- Using an over the counter treatment for ringworm may be appropriate; however, naturalistas who promote use of Lotrimin on the scalp are doing so primarily to alleviate dandruff and to help the hair grow. Though one of the causes of dandruff is the scalp-dwelling fungus Malassezia globosa (M. globosa), use of anti-fungals has proven to be less than effective. Study results released in April 2012 showed that “sulfonamides, a family of existing antibiotic medicines, were more effective in preventing the fungus’s growth than ketoconazole, a widely used anti-fungal medicine that is an ingredient in certain dandruff treatments.”
Using Over the Counter Fungal Creams on the Scalp
I’m wondering if its really worth it to play Russian Roulette with your health in a quest to look cute or have long hair. There are so many 100% natural things that can be used to treat fungus, dandruff, Seborrheic dermatitis, and to cure and prevent yeast infections which eliminate unsettling potential risks.
Aloe Vera, garlic oil, oil of oregano, rosemary essential oil and Neem oil will produce the same bacterial and fungus killing results without the risks to your health of using foot or vaginal cream on your scalp. As these chemicals soak into your bloodstream and organs, you have no idea what it is doing to your body long-term, or may do to the bodies of future unborn children. (Remember the drug Thalidomide? It was an over the counter drug too.)
Really, if the purpose of going natural is to get AWAY from dosing your hair and body with dozens of chemicals , why would you then turn around and do the same thing using something like this? Sounds like someone wearing natural hair as a fad, because everyone else is doing it – not because they are concerned with their physical and hair HEALTH.
Ladies, just because someone else does some risky nonsense does not mean you should follow suit. Just because someone reports they “grew their hair using XYZ” doesn’t mean it’s true or that ingredient was the ONE THING they did differently that made the difference.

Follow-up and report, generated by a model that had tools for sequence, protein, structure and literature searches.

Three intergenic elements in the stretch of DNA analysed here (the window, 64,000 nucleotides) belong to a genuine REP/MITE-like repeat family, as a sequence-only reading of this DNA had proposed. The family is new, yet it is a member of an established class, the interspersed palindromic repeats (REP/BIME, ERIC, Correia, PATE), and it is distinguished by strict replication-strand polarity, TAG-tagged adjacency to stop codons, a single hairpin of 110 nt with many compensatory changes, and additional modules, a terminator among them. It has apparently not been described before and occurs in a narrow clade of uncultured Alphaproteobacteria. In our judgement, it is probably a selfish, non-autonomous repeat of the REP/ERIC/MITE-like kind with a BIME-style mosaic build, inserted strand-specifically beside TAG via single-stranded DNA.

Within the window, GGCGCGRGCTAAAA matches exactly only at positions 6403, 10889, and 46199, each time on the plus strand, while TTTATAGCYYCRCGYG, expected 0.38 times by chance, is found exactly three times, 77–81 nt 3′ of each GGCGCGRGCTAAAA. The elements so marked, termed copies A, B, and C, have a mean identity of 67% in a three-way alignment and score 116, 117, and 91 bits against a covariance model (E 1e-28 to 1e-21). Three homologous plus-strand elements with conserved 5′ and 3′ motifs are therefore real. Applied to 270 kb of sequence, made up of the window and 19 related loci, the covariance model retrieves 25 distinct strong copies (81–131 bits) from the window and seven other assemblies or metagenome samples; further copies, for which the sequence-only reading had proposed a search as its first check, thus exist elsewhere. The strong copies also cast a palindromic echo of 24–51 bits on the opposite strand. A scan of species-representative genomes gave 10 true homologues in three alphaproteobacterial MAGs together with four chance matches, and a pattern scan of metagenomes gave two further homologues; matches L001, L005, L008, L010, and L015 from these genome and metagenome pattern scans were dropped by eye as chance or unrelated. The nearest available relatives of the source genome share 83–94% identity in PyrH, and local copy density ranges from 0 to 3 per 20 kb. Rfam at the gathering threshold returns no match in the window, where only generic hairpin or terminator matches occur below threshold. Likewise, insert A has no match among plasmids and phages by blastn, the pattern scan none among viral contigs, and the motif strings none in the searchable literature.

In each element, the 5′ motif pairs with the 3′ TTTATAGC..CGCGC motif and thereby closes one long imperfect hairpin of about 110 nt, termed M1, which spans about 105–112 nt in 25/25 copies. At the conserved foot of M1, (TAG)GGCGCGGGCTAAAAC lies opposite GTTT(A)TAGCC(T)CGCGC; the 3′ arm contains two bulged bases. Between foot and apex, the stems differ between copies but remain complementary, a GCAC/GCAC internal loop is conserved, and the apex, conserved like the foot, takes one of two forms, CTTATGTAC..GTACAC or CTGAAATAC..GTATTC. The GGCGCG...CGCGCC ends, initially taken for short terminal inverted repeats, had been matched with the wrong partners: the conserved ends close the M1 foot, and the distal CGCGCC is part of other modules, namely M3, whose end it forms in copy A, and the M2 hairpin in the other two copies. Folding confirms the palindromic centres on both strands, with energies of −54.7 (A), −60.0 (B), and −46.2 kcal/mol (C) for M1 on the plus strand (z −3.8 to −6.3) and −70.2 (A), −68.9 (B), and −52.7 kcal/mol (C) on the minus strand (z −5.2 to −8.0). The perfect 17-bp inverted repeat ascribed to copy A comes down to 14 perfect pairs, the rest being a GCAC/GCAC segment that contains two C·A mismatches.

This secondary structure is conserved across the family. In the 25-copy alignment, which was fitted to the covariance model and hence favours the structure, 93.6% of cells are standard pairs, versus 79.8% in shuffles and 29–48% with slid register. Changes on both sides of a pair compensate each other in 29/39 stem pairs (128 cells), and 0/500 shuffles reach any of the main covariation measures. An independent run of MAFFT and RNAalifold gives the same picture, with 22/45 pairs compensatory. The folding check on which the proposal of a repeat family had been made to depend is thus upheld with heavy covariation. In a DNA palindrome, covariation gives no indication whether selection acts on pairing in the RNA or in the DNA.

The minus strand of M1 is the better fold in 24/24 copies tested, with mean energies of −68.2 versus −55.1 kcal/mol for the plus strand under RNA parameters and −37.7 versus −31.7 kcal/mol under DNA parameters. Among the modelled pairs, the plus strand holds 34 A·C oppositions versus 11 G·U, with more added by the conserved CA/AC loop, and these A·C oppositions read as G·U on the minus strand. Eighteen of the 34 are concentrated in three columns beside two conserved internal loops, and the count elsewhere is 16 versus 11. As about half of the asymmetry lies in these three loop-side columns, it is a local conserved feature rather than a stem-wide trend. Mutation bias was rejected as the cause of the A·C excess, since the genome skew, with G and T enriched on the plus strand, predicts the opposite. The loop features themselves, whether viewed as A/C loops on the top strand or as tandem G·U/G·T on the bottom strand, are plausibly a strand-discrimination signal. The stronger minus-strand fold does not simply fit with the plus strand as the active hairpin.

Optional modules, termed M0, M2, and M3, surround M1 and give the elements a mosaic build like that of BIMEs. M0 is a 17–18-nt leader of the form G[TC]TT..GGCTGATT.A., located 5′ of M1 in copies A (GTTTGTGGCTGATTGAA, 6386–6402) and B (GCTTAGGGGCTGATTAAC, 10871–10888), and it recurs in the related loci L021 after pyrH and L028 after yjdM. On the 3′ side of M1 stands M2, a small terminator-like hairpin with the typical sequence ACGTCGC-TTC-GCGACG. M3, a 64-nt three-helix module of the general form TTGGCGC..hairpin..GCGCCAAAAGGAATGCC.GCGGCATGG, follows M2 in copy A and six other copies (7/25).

Hair growth is impacted by many different things including your health, medications, genetics, municipal water supply, physical exercise, nutrition and water intake. There are so many variables in hair growth and so many risks with using products (even over the counter) in off-label ways. I don’t understand the push to think this is okay just because other people said they use it on some You Tube video or Facebook/blog post.
Black women really should NOT use this stuff just to get some hair.
The unquestioning, unresearched willingness to embrace off-label uses of powerful drugs just because everyone else is doing it is very dangerous, high risk behavior. Do we really need to use products designed to treat our feet or vagina on our scalps?
About the Author (Author Profile)Blogger, writer, relationships/dating expert, fitness trainer and natural hair enthusiast since 1997. Sharing information from grandmomma, books and scientific journals, as well as my personal discoveries and experiences with natural hair as we journey from relaxers, flat irons and weaves together.